Colony Collapse Disorder and Neonicotinoid Insecticides

Last month Maryland’s Senate passed a partial ban on neonicotinoids, also known as neonics, a relatively new type of systemic pesticide which has been used to control sap-feeding insects, such as aphids and grubs.  Three different types of neonicotinoids were previously banned in the EU in 2013 because of the risk they posed to bees after large-scale field trials in Hungary, Germany and the UK have demonstrated a link between neonicotinoids and Colony Collapse Disorder.  The bill proposed in Maryland will still allow farmers to use neonicotinoids on crops but it will ban their use by retail consumers in their home gardens.  This bill, SB 198, has been sent to the House, and if passed, Maryland would become the first state in the United States to create such a ban, potentially saving the local apiculture.

Of greater significance, France’s National Assembly has recently established a total ban effective as of 1 September 2018 allowing farmers an appropriate amount of time to change over products.  The French ban is promising because its proposal  has begun a string of now individual businesses in neighbouring countries banning them. For instance, the Aldi Süd supermarket chain in Germany has undertaken a ban, Aldi UK has come under increasing pressure to ban neonicotinoids as well and is currently reviewing its pesticide policy. Additionally there are local authorities that have taken action such as Devon County Council which has recently announced that it will ban neonics on its land which, although it excludes its agricultural land, does pertain to its country parks and nature reserve.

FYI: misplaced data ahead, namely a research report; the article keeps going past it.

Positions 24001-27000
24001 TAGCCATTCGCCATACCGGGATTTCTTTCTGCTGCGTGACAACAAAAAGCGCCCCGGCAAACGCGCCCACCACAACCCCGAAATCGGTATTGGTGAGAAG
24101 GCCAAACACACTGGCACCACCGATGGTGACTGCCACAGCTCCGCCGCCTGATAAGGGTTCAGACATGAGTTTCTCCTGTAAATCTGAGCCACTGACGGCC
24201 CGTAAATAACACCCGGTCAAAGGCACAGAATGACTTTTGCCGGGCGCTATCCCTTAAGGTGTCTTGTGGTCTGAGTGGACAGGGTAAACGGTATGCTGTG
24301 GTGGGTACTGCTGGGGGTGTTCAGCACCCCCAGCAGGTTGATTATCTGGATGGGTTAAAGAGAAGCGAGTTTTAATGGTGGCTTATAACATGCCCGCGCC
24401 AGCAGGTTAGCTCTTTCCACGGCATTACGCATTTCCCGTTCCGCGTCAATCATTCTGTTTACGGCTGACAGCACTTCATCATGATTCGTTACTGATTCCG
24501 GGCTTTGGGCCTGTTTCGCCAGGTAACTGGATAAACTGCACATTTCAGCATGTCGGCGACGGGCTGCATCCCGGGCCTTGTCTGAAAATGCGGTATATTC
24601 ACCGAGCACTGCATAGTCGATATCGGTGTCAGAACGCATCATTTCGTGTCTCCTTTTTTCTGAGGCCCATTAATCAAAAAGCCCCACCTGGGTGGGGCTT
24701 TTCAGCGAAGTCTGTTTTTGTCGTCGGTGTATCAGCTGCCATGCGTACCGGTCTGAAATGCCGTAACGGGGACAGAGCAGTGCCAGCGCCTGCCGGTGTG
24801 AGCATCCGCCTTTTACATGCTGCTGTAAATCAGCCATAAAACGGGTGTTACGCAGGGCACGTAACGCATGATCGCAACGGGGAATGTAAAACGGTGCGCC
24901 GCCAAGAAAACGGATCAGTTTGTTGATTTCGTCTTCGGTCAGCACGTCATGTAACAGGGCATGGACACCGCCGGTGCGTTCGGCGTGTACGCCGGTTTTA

And just two weeks ago a great victory was scored against neonics when the National Farmers Union was denied permission to use banned neonicotinoid pesticides on oilseed rape this autumn; however, the NFU has already made an emergency application for use of neonicotinoid seed treatments on oilseed rape crops.

Colony Collapse Disorder is still highly debated among scientists with Purdue University entomologist, Tom Turpin, denying that this disorder exists.  While Turpin admits that neonicotinoid insecticides kill honeybees, he does not believe that this insecticide alone is responsible for the death of bee colonies, adding, “Several factors including diseases, mites, exposure to insecticides, and unusually warm winters have contributed to colony death.” While many scientists acknowledge that Colony Collapse Disorder is not necessarily uniquely limited to pesticides, the fact that Turpin’s own department is neck-deep in Monsanto funding, to include a gift under the moniker of the “Honey Bee Club,” makes any research coming from that department on this subject suspect.   Monsanto does business with Nippon Soda and Sumitomo Chemical, the producers of three different neonicotinoids,  and Monsanto is currently evaluating the takeover of the companies that produce three neonicotinoids, Bayer CropScience and Syngenta.